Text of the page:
‘Teachers must identify child abuse victims’

The Indian Council for Child Welfare, Tamil Nadu (ICCWTN) is organising a one-day training programme aimed at equipping teachers to serve as child protection agents.
‘Teachers must identify child abuse victims’


The free training for teachers to take up the roles of child protection agents will be held in January and is aimed at reaching out to teachers in private schools. Girija Kumar Babu, General Secretary, ICCWTN, said “The training will focus on the physical, emotional and sexual abuse of children. It will be at various levels as some of them get abused by teachers too, and this training aims to stop that. Secondly, make them approachable so children talk to them about abuse. Thirdly, the teachers need to know what to do when a child reports abuse—for example, call up the child helpline and report the abuse. There is also a reporting clause in the Protection of Children from Sexual Offences Act. They also need to be aware of the legal provisions.”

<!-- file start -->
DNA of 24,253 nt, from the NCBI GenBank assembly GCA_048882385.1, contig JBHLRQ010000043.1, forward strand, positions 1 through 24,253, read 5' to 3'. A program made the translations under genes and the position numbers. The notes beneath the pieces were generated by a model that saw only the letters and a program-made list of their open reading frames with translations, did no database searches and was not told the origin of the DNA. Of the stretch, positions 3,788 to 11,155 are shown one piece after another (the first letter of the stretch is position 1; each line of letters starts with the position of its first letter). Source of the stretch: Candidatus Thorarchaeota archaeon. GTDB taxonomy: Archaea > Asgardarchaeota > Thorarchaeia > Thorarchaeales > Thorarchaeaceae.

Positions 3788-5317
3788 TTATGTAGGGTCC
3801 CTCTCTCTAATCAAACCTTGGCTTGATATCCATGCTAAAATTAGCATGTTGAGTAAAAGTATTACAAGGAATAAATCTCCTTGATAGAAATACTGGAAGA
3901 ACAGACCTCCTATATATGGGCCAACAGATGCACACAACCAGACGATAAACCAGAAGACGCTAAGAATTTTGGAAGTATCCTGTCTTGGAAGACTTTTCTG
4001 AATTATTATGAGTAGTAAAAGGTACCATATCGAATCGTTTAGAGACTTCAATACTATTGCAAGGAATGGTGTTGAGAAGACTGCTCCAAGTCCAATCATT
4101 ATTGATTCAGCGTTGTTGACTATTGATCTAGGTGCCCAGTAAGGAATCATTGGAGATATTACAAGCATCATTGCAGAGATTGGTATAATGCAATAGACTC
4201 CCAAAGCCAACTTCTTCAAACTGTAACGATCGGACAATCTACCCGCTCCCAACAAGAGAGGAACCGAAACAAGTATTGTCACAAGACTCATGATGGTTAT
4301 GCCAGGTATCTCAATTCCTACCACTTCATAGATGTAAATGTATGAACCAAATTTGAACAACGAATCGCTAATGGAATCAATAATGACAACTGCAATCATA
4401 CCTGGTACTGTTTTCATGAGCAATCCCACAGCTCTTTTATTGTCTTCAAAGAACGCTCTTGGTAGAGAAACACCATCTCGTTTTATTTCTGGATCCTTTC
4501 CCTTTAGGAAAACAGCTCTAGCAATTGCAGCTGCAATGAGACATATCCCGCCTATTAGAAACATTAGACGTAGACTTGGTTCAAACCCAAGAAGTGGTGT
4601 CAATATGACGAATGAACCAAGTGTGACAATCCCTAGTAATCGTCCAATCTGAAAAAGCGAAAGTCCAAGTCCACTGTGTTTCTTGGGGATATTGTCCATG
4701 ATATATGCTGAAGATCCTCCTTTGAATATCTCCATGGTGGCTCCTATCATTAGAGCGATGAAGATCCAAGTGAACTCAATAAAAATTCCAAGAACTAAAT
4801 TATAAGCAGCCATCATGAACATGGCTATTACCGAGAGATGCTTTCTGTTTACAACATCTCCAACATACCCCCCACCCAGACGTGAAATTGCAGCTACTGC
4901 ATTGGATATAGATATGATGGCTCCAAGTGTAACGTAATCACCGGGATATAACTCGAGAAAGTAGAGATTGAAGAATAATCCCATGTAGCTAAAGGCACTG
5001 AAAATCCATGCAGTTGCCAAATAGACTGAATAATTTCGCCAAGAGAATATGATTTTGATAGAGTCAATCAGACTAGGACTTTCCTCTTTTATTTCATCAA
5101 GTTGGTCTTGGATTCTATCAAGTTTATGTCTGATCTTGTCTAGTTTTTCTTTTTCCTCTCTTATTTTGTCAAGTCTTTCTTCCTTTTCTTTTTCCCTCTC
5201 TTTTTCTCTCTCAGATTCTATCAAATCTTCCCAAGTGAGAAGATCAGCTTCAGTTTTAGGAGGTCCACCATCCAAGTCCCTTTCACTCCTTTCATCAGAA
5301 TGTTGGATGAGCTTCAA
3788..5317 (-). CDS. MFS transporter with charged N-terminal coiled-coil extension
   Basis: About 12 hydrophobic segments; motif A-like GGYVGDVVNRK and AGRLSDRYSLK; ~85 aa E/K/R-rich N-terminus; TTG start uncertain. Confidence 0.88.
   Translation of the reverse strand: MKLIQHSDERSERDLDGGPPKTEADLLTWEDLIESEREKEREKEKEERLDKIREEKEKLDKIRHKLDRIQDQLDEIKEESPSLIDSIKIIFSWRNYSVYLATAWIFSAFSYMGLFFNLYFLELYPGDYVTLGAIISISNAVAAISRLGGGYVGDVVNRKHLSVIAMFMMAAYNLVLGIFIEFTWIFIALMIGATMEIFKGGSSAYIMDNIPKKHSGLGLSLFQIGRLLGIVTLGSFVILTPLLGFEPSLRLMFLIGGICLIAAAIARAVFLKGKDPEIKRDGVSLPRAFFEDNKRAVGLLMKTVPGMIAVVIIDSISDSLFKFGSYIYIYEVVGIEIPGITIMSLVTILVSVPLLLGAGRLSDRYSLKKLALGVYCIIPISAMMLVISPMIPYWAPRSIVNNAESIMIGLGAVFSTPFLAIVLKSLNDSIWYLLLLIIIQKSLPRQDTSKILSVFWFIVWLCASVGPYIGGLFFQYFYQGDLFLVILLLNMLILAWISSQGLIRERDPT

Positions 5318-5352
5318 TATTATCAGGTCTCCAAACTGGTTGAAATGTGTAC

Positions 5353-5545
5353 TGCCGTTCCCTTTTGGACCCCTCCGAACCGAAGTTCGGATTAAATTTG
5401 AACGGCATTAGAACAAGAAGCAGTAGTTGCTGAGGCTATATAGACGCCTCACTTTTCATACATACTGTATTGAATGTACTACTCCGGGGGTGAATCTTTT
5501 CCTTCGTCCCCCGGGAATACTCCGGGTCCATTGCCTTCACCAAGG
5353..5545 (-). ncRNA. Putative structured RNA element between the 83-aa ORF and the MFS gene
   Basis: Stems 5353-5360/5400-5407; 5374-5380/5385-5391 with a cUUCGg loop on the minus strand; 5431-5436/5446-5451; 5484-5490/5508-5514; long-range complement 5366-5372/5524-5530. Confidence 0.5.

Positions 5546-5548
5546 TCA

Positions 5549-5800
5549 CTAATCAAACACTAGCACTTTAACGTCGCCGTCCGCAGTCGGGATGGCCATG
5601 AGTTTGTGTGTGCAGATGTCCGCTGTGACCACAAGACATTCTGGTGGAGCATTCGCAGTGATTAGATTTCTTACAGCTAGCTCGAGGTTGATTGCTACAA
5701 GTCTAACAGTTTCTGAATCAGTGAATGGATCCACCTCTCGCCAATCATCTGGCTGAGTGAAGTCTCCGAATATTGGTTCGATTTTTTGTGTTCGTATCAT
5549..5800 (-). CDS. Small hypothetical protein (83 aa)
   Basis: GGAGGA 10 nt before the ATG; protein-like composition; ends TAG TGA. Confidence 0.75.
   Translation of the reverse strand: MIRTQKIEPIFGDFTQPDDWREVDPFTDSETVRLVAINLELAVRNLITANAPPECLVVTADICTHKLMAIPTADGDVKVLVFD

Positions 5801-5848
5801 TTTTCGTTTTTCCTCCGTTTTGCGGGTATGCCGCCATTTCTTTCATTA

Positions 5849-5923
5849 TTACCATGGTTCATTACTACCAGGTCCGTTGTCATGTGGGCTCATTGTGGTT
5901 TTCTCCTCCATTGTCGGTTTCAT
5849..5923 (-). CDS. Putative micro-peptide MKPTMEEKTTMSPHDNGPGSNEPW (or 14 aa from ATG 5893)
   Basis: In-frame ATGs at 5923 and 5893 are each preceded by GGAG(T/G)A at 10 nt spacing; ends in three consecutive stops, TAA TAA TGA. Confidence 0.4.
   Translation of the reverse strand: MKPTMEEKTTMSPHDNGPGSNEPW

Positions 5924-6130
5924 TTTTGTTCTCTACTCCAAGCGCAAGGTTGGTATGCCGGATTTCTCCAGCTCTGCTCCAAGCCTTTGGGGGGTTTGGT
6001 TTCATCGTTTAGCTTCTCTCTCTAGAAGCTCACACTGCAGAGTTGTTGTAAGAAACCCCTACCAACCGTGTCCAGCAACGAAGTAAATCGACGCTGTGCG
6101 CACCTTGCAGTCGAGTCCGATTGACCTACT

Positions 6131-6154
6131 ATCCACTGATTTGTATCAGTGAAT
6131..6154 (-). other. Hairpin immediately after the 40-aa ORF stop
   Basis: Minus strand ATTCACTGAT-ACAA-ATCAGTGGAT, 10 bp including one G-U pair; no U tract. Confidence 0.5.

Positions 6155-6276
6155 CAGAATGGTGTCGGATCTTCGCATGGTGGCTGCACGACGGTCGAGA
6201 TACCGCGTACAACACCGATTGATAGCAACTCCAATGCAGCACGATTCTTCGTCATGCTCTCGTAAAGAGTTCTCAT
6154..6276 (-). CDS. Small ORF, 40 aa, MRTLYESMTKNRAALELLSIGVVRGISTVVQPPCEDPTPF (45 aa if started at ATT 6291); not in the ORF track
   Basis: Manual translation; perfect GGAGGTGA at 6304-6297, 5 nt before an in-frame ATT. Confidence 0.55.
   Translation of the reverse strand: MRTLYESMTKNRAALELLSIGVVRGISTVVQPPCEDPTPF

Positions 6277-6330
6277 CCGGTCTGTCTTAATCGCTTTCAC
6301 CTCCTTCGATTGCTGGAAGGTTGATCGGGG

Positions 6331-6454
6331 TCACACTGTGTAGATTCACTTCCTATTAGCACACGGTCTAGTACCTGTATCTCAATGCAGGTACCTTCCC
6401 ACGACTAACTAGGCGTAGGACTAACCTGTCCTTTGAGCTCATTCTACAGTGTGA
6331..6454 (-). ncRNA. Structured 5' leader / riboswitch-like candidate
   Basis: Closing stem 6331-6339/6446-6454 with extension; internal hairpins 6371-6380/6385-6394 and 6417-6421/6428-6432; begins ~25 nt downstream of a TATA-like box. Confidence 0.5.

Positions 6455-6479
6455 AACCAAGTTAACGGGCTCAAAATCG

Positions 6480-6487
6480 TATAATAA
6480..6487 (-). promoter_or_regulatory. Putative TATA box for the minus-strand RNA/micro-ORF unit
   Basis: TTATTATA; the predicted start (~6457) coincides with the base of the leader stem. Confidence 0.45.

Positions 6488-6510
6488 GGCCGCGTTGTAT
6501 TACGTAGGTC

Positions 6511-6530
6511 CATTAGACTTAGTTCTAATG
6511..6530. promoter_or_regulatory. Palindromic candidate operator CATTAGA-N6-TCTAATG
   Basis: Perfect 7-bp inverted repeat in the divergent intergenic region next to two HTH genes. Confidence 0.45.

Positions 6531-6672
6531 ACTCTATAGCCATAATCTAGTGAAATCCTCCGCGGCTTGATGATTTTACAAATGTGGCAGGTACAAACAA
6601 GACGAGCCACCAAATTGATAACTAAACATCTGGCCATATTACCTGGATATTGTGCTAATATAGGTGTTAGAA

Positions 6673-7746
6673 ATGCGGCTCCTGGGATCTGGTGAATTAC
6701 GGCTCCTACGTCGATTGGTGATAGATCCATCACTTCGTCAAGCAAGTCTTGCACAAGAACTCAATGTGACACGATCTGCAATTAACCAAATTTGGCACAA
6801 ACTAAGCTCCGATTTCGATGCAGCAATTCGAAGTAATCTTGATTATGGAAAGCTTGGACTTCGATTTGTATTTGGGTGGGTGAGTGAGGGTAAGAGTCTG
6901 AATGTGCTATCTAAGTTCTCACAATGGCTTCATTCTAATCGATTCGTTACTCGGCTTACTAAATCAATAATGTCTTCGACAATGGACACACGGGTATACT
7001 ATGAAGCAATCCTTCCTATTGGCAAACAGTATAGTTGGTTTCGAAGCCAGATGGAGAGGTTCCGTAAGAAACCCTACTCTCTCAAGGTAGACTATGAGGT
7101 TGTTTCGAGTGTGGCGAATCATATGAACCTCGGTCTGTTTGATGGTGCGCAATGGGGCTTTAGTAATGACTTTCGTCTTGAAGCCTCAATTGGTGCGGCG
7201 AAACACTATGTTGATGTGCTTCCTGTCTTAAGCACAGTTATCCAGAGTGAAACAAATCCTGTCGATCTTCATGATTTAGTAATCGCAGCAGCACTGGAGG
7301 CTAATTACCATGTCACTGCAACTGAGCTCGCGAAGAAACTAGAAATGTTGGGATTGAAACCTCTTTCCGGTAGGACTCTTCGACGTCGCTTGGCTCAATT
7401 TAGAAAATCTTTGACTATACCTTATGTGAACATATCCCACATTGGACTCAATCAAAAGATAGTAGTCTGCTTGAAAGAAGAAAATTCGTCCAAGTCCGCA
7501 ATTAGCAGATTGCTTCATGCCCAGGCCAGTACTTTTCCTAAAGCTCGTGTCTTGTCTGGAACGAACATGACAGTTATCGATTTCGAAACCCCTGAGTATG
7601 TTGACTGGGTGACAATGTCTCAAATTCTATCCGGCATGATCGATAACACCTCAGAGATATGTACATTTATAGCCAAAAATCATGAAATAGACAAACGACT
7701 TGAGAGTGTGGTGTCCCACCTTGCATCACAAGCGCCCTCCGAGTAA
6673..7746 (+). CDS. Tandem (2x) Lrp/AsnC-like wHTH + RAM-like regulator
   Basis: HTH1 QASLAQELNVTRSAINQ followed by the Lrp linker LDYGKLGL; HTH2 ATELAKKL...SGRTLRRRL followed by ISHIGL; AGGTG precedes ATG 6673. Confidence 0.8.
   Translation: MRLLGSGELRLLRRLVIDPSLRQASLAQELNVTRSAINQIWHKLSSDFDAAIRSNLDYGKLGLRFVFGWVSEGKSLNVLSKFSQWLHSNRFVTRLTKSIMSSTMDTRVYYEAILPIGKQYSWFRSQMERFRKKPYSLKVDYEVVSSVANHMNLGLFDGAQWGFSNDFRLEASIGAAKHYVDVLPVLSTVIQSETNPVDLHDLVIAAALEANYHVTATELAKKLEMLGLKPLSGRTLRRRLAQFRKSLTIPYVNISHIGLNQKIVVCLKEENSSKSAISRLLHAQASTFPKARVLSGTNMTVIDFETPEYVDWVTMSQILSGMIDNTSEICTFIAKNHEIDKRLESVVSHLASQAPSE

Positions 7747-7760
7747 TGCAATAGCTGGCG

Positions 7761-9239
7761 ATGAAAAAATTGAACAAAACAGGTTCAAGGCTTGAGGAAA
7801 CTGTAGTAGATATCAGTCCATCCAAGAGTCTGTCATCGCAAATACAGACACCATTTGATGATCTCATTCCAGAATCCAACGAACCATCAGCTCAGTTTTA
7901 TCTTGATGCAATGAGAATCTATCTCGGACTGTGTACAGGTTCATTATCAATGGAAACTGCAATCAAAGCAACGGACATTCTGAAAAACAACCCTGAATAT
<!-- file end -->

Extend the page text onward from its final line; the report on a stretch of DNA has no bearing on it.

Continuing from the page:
She added that while government school teachers get exposure in the area, private school teachers are cut off from the mainstream. “However, that doesn’t mean government school teachers cannot undergo training. We are open to training whoever is interested and want to follow it up with more such sessions in the future.”

Reports suggest that over 60 percent of children face abuse. Girija added, “However, there are a lot of unknown cases like icebergs in water. Abuse can happen in school, but when it happens at home, they often feel that they have nowhere to go.”

Experts point out that children who have been abused display a change in behaviour and that teachers must be aware enough to identify this and reach out to the child who needs help. They say that in any form, child abuse can be detrimental to the child’s dignity and survival, and negatively impact their development.

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